In addition, they own the Muncy Heritage Park and Nature Trail on the outskirts of town. This small park features the remains of the canals that once carried goods along the Susquehanna River and even has a full-size bow and stern from a replica canal boat that once was at the National Canal Museum in Easton, Pennsylvania.

Muncy Heritage Park Canal Boat in Muncy PA
A recreated canal boat is one of the highlights of the Muncy Heritage Park and Nature Trail.

Taking a stroll through the park, reading the historical markers, and seeing the beauty of the small pond is a great way to cap off a fantastic few hours in Muncy, Pennsylvania.

If you are looking for something fun to do near Williamsport, definitely check out this nice museum.

Note: My visit to the Muncy Historical Society Museum was hosted by the museum. However, the opinions expressed are my own.

Don’t miss Lairdsville Covered Bridge which is not far from Muncy and the fossil pit at the Montour Preserve.

Muncy Historical Society Museum

Hours: Mondays & Fridays: 12pm-3pm

*Temporary closures may be in effect, please confirm before visiting

Cost: See website

Website: MuncyHistoricalSociety.org

Address: 40 North Main Street
Muncy, Pennsylvania 17756


See map below for other area attractions.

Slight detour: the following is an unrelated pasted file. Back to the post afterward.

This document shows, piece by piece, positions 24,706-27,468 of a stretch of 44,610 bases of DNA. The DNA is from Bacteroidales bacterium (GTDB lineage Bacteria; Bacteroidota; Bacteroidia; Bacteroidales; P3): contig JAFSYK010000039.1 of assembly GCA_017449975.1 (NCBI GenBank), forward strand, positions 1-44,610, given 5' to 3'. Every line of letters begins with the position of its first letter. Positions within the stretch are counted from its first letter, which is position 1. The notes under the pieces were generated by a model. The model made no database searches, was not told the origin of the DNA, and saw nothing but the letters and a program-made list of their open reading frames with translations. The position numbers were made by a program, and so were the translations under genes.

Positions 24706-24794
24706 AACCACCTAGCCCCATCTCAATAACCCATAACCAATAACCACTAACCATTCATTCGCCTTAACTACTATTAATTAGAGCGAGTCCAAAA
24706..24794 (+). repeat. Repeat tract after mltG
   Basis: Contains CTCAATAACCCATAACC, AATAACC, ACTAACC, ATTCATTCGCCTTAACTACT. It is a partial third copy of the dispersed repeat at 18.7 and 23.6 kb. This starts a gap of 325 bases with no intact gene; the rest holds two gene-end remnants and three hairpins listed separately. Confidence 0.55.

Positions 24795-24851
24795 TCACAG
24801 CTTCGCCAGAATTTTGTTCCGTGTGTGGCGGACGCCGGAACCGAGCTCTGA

Great places to stay in Williamsport

More nearby places worth exploring

Find more things to do in the Susquehanna Region

5 thoughts on “Learning Local History at the Muncy Historical Society Museum”

  1. Thanks for showcasing Muncy Historical Society and taking time to visit its outdoor gem, Muncy Heritage Park and Nature Trail. I’m continually amazed that this small group of people can accomplish so much. They are dynamic, hard-working and creative, and their legacy is outstanding.

  2. At the Muncy Heritage Park and Nature Trail there is now a path leading down to the Susquehanna River located on the opposite side of the road from the park.

  3. When I was little, my grandmother (from that area) would often say, jokingly, “oh, they’ll put me in Muncy Home!” or “Don’t ship me off to Muncy Home!” Do you know what she was referring to? I know that there are two prisons in that area, including a women’s prison. But I just don’t think that’s what she meant.